The World’s End is an extraordinarily confident and gutsy movie. I’ve given some reasons why I think so, but let me give you the best one. The emotional climax of the film is when Andy and Gary have their final confrontation over that last beer Gary desperately wants in order to fulfill the quest he has set himself on. Gary’s quest is to recapture the last night in his life that he was happy about anything. We find out in this scene that Gary is or was suicidal and the meeting we saw him attend at the opening of the film wasn’t a Narcotics Anonymous meeting (which we’re led to believe, I think). Nor was his tiny apartment really an apartment at all. Gary was at a care facility after a suicide attempt.

After we find out what Gary did to Andy, the last bit of sympathy for him as a character should mostly have flown out the window. Some people might have enough insight to recognize what’s really going on under Gary’s selfish, oblivious exterior but for narrative purposes it is a major reveal and one that engenders plenty of conflict in the audience. Potentially, we’re feeling like it’s a bit convenient that Gary actually has this sad backstory to explain all his lying and bullshit. Potentially, we’re going to be dismissive of the astonishing performances put in by Pegg and Frost as they confront these realities together. I hope that the gamble Wright, Pegg, and Frost have made here will pay off for them and that audiences admire the courage it took to not make Gary a complete irredeemable D-bag. Yeah, it’s true that not every asshole has a tragic backstory or some deeper psychological and emotional reality that informs their surface bullshit but in the warm, funny, and positive narrative of The World’s End (and the other Cornetto movies), it makes total sense. There’s a lot of risk in turning things around when we’ve spent 90% of the movie being subjected to Gary’s bullshit. Pegg is able to walk the line between keeping Gary funny enough for the audiences to stay with him, but it’s not until this moment that we fully understand the guy. Understanding is what it takes to actually have catharsis, and The World’s End gives us that catharsis. More than we bargained for, actually.


Pegg’s tightrope performance also leaves plenty of room to like and empathize with Gary’s buddies.

With perfect timing, Gary and Andy are brought down to the bowels of the town where the Network waits to try one last time to convince them to cooperate peacefully and stop smashing robot heads. Of course the elevator down is located at the very bar that has come to symbolize journey’s end (both for the crawl story and Gary’s emotional story). Of course that bar comes to also take on a symbolic association with the actual end of the world.

This is the plot climax of the movie, where Gary and Andy face the Network in their drunken belligerence and tell it to go fuck itself. Along with Steve (who heroically shows up, another small brazen move away from expectations), they commit themselves to the fallibility of all humankind. This is the kind of stuff that at once feels right and wrong. The Network is essentially right about humans, and we’ve watched an entire movie of Gary justifying its ambition to “civilize” us. So when it finally says “fuck it” and abandons Earth and its uplift project, it’s hard to know whether Gary’s defiance is just typical Gary ruining it for everybody else, or if it’s the one time in the film that he is really and truly right. That the Network tempts him with what seems like his heart’s desire only for him to renounce it is Gary’s heroic, redemptive moment. People are going to disagree about their feelings about his choice. It’s a big moment, like when Kenzie chooses to give Amanda back to her mom in Gone Baby Gone or when the survivors of The Cabin in the Woods decide not to die to save the world. A moment people will talk about walking out of the movie.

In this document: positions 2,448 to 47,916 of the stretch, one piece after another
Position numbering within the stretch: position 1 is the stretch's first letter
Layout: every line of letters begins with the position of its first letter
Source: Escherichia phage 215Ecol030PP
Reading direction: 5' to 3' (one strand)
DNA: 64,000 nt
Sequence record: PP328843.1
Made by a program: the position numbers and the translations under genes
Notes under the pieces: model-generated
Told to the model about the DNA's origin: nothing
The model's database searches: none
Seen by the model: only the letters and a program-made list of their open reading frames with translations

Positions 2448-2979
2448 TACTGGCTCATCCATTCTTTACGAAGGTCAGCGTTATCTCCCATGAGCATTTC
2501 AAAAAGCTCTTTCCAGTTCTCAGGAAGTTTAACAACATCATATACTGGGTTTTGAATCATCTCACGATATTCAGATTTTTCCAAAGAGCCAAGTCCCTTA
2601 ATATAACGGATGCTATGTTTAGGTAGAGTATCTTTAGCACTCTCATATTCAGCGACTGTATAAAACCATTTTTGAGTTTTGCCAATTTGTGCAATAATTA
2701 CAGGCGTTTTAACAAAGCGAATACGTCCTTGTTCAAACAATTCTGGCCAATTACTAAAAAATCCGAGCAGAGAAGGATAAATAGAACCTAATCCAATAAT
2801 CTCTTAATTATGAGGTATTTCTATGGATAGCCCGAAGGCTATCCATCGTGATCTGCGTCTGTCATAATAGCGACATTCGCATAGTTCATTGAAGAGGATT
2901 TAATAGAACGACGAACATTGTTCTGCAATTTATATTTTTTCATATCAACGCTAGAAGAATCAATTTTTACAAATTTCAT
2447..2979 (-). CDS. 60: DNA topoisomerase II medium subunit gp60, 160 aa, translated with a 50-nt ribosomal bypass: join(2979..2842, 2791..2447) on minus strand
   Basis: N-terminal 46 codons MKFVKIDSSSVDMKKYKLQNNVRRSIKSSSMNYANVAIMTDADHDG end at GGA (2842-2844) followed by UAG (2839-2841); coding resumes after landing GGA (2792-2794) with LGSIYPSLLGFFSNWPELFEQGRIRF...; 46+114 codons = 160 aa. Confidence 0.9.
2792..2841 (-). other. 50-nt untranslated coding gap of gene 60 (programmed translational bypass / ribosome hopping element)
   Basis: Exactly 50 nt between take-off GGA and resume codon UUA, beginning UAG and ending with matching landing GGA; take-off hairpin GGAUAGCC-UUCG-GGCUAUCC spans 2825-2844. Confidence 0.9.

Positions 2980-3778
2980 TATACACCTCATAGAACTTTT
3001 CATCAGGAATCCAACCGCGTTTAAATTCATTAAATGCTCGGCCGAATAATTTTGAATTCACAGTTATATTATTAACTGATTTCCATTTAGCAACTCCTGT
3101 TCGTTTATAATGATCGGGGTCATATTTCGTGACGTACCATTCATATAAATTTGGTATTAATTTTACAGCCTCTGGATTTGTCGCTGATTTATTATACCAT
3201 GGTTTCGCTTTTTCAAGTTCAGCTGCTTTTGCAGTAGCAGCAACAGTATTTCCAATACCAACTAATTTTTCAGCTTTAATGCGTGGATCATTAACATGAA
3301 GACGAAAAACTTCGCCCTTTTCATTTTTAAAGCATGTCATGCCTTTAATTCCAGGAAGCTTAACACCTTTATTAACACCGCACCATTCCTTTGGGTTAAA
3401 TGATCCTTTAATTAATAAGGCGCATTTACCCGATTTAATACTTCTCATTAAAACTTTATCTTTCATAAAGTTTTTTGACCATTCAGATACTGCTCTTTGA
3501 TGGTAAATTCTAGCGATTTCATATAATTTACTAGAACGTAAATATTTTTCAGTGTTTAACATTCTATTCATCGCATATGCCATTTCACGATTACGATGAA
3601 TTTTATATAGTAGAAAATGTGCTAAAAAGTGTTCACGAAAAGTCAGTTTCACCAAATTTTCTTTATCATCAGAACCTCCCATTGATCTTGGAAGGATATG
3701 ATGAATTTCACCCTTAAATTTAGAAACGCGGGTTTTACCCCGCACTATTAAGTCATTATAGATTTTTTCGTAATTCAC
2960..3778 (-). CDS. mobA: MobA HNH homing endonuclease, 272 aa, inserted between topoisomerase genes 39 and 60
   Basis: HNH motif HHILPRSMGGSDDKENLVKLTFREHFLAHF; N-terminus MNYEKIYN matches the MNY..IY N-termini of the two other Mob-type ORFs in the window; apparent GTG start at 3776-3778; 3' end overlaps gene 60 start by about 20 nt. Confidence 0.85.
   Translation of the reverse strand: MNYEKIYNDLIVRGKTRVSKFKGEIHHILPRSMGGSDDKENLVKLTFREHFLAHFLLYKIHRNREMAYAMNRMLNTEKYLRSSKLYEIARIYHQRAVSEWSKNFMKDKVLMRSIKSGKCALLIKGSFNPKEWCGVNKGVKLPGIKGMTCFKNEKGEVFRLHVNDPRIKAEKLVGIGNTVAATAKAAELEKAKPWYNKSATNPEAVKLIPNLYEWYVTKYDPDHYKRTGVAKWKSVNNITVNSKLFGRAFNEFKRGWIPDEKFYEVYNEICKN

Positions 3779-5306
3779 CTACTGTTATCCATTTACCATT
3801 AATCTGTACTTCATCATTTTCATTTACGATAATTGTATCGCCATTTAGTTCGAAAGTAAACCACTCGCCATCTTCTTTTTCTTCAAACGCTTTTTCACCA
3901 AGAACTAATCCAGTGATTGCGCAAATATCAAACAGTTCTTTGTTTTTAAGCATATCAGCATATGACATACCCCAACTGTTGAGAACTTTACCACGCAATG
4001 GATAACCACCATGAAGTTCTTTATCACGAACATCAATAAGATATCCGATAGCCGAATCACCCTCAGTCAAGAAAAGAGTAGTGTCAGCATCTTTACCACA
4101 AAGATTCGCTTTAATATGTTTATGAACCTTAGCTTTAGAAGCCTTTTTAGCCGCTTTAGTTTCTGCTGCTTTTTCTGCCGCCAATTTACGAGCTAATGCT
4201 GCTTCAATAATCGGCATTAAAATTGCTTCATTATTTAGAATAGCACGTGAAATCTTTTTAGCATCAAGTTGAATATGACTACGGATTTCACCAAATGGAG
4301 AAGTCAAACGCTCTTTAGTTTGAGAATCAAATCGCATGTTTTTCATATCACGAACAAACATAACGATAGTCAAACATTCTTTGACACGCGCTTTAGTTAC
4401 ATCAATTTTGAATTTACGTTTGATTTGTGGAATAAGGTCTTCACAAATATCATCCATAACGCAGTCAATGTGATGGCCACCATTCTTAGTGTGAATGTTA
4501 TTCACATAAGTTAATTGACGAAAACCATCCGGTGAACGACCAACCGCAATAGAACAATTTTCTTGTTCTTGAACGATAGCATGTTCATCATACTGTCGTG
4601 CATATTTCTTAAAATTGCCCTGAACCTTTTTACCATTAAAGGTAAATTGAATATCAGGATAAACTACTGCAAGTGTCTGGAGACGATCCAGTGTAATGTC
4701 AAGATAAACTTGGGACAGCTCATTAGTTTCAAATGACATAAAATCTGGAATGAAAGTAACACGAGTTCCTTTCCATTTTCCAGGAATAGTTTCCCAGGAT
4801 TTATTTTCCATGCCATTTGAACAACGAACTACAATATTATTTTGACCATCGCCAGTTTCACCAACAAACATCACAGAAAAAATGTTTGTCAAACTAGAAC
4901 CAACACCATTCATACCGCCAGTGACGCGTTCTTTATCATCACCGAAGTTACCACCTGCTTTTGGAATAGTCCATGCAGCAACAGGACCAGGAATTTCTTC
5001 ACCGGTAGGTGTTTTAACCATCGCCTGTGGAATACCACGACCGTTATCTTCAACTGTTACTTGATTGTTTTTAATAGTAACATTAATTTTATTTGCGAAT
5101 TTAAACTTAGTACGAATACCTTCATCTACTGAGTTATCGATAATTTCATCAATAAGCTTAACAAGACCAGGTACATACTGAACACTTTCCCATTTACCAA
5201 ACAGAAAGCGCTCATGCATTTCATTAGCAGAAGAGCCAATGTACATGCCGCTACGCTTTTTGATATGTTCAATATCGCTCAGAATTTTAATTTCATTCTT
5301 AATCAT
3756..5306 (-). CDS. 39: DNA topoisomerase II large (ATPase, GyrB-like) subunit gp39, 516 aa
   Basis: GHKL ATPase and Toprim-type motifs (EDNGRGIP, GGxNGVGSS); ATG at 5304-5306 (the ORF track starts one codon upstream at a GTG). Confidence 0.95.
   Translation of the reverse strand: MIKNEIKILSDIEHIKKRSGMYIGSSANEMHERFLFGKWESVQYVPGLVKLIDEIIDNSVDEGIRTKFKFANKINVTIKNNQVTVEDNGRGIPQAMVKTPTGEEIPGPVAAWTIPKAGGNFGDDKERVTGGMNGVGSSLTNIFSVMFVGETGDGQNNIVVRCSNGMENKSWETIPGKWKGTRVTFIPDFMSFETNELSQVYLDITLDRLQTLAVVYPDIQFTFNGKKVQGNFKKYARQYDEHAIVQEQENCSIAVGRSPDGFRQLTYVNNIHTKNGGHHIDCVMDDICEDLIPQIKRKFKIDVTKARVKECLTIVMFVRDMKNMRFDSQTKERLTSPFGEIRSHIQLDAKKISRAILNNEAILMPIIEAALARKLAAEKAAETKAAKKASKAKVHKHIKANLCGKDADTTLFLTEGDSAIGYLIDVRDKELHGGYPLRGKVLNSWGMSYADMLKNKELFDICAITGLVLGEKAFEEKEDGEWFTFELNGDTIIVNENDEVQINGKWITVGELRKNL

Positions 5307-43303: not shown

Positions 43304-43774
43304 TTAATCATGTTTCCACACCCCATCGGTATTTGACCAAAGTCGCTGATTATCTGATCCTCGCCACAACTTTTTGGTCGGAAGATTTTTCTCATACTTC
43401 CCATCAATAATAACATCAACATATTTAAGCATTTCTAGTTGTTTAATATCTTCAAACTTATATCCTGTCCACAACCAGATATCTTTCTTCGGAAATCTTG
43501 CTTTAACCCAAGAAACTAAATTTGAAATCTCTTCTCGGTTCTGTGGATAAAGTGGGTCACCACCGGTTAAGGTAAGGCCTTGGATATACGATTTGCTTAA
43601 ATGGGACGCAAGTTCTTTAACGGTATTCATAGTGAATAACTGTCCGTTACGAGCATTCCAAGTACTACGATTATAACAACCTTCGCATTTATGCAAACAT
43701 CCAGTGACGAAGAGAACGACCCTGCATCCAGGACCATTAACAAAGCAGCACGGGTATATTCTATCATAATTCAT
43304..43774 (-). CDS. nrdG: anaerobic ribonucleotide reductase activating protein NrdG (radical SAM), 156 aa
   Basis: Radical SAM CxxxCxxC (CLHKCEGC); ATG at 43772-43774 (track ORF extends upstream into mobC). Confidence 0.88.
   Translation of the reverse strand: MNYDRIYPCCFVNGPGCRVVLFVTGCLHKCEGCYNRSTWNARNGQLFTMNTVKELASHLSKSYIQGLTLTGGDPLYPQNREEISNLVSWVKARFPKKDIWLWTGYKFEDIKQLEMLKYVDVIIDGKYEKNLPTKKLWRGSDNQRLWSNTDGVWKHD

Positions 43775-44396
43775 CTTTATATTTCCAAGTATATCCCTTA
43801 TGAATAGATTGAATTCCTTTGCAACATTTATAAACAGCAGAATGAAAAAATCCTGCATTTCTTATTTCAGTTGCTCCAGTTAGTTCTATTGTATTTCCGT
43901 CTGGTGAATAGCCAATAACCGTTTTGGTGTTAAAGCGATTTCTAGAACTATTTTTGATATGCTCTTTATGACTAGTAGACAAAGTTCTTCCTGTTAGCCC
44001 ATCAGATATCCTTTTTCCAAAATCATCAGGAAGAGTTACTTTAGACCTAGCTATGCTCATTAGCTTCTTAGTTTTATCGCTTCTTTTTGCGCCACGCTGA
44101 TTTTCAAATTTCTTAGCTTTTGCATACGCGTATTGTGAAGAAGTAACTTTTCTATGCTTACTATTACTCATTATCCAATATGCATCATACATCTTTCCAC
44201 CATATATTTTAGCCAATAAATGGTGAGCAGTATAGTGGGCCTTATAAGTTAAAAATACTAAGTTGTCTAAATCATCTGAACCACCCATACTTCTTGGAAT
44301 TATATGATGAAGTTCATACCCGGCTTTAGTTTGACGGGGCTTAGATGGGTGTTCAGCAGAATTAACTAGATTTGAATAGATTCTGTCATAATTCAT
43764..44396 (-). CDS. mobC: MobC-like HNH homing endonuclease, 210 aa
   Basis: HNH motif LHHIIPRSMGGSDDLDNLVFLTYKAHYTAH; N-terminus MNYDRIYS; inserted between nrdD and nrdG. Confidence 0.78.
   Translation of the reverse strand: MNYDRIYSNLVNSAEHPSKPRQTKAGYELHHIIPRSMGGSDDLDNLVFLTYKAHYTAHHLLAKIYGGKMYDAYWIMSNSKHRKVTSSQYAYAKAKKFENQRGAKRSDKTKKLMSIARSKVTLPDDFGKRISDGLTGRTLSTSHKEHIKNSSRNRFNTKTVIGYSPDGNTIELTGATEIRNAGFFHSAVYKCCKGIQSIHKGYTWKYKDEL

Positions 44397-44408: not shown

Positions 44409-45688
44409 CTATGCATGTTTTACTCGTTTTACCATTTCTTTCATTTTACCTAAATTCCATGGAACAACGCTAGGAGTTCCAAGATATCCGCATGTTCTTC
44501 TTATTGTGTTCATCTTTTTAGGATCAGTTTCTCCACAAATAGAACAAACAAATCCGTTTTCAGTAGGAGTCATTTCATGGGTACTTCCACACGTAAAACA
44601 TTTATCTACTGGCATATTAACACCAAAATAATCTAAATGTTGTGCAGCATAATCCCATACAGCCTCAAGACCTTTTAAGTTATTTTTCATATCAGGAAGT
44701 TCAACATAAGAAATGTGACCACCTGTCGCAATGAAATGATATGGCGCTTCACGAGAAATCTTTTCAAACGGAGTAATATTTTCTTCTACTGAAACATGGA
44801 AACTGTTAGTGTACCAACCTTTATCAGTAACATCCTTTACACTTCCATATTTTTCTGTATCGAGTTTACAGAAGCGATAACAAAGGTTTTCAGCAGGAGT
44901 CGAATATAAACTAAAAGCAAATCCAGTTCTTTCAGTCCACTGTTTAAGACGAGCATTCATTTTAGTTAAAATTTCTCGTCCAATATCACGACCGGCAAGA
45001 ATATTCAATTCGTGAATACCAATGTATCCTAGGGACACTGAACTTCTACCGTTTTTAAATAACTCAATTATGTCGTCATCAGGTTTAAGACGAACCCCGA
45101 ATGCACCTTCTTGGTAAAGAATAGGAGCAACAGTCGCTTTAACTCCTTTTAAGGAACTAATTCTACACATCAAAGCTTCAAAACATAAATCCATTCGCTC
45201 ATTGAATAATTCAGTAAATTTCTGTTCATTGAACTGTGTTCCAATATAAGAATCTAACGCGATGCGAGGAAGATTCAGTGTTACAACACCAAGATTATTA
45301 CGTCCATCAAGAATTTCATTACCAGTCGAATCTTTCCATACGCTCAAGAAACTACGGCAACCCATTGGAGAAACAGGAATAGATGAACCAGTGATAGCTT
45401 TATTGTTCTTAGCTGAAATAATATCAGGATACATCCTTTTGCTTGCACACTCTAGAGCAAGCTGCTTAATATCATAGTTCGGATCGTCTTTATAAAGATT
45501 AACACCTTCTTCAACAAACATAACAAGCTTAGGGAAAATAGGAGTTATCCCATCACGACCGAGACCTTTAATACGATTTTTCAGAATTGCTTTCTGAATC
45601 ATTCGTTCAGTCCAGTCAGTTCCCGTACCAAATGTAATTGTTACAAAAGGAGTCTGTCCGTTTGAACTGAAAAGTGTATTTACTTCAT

Rosamund Pike also gets to the ass-kicking and expectation countering.

If it was just Gary saying “no” to a cosmic intervention on all our behalf, that’d be one thing. But The Network abandoning Earth has the unexpected consequence of basically hitting the reset button on human civilization. Earth is reduced to a shambles, in classic apocalyptic faction. This leads to the audacious, ridiculous epilogue of The World’s End and the realization that a post-apocalyptic saga is the third “movie within the movie”.

The epilogue is the kind of shit no one expects from this movie or sees coming until it happens. Instead of a bit of voice-over or something explaining that yeah, the world kind of came to an end (thanks Gary!), Andy sits among some children, warming themselves by the fire, as he tells the tale. Presumably, he’s been telling the entire story to these kids including the epic pub crawl. Now, he’s at the part where they all split up and do their own thing. Except he doesn’t know what happened to Gary.

When we find out, it’s the kind of “fuck yeah!” moment that the movie completely earns. In fact, it goes three or four extra miles in terms of making us understand not only who Gary is, but why he’d have done what he did and also what he would do next. That’s almost philanthropic, let alone “earning”. I expect that some viewers of The World’s End will feel like this is less awesome and more hokey, hung up over the fact that Gary inadvertently destroyed the Earth and now gets to be Mad Max. But it’s perfect, really. Totally in line with the arc toward fulfillment, competence, and manhood that all three of the Blood and Ice Cream films contain.